What a relief it was in the 1970s when you were able to change the TV channel on your TV set fairly reliably and without significant interference for the first time using an infrared remote control . Finally, you no longer needed to get up. “Zapping” was invented. The question was: couldn't this technology also be used for opening and closing locks on vehicle doors without contact? More and more drivers at that time were getting annoyed about broken car keys, scratched door handle recesses and frozen door locks. Furthermore, different keys were usually required to open the door lock, the tailgate lock, the ignition/starter lock, the fuel filler cap and the glove compartment. Combination keys were only introduced over time.
At the end of the 1980s, the first vehicle keys with infrared (IR) remote control came onto the market for series-produced luxury cars. This meant that the central locking system, which was introduced step by step at the time, could also be operated without contact. However, a classic key, which was usually unfolded, was also part of the "drive authorization unit", because the IR key’s battery/batteries usually didn’t last very long. In addition, it had to be possible to start the car using the "ignition lock", so nothing changed for the time being. Sometimes there were IR variant exceptions, which required a functioning transmitter battery for the start authorization. But it was so cool to show the "remote control" off to your friends: as if by magic, the car’s door locks opened with a "click-clack".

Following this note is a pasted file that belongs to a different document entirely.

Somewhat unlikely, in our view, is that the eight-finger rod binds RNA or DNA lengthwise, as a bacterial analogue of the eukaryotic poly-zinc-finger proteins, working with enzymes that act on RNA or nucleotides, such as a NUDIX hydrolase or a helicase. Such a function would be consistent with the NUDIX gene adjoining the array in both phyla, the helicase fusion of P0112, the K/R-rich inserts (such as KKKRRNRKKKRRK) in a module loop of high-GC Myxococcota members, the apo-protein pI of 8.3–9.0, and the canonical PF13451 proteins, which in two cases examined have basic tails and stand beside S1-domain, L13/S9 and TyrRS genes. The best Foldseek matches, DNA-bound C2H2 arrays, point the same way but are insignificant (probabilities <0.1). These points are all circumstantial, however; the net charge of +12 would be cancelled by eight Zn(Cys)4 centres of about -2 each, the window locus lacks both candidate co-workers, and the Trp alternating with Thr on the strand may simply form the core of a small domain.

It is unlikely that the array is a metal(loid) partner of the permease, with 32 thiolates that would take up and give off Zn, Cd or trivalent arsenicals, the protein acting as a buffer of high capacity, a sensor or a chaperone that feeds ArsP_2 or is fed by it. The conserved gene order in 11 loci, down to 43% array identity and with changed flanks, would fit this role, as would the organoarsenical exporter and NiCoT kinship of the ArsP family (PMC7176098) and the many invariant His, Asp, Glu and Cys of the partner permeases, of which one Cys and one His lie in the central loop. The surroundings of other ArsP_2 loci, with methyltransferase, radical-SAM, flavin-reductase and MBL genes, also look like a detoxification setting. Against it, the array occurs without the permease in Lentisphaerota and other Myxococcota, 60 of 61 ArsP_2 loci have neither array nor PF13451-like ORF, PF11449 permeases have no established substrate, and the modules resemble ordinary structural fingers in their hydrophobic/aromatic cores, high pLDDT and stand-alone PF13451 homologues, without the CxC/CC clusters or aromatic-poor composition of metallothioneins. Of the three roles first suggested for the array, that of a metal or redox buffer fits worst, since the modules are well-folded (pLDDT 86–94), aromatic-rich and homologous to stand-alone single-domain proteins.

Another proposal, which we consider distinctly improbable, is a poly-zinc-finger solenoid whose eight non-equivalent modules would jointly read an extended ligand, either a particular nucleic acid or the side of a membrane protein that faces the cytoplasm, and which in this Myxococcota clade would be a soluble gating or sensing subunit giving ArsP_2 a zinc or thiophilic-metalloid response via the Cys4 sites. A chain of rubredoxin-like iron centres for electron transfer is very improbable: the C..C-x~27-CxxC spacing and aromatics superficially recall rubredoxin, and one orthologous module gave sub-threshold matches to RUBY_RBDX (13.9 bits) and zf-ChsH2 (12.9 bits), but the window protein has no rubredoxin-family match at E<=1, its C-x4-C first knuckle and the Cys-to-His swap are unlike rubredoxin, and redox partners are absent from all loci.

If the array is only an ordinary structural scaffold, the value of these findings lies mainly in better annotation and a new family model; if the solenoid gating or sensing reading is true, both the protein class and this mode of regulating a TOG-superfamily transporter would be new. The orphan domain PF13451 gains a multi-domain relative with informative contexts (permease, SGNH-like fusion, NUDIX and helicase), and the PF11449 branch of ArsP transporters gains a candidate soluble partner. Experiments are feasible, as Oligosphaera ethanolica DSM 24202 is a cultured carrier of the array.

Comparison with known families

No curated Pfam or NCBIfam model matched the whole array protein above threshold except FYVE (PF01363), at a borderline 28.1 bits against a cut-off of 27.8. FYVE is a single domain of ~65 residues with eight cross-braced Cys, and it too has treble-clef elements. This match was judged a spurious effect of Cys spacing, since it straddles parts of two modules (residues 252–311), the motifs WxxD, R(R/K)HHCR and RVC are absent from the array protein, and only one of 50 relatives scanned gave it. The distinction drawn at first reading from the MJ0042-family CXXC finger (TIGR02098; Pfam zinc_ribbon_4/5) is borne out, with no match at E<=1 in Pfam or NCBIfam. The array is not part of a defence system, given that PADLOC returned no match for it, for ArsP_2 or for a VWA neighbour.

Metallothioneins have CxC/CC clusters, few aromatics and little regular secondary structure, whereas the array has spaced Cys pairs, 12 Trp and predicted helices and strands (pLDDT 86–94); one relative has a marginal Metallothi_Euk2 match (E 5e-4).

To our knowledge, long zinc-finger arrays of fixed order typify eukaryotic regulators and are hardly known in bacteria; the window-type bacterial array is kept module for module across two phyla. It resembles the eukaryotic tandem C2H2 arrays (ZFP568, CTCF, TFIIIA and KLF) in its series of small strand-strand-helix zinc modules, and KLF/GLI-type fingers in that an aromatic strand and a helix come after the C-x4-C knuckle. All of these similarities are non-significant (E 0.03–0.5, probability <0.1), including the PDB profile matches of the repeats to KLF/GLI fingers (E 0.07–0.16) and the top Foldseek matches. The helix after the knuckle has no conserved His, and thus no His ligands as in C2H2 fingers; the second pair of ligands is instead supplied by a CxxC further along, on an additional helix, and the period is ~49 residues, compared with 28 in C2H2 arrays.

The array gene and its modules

In the early nineties, the first remote keys replaced the less reliable infrared technology. They also possessed a key bit, i.e. a classic (folding) key. Later, the first remote keys without key bits and with an electronic ignition lock came onto the market. They were inserted into a corresponding holder rather than a classic ignition lock. To start, you simply pushed the "key” in.
Remote keys are still common technology today and their range of functions has been continuously developed. Using a frequency of 433 or 434 MHz (Europe), they send an encrypted signal to the comfort control unit, which controls the vehicle doors, for example. After pressing the corresponding button on the key, the door locks open or close via an electric actuator. In addition, the immobilizer, which has been mandatory for all newly registered vehicles since 1998, is deactivated using a transponder in the key and individual coding when starting the engine. The engine can be started using the ignition lock.
Modern remote key systems can do more than just open or close vehicle doors or sliding doors, the tailgate and the fuel filler cap. For example, the rearview mirrors automatically fold out when the vehicle is opened, lighting elements are activated to increase safety, and the immobilizer and alarm system are deactivated. In addition, all windows close when the vehicle is locked or open when the vehicle is unlocked, if desired. Acoustic and optical signals are also helpful when opening the car, especially if you are looking for your car in a car park. The range of modern remote keys is about one hundred meters. A mechanical flip key is integrated into the key. This allows the driver's door to be opened manually and the engine to be started via the ignition lock.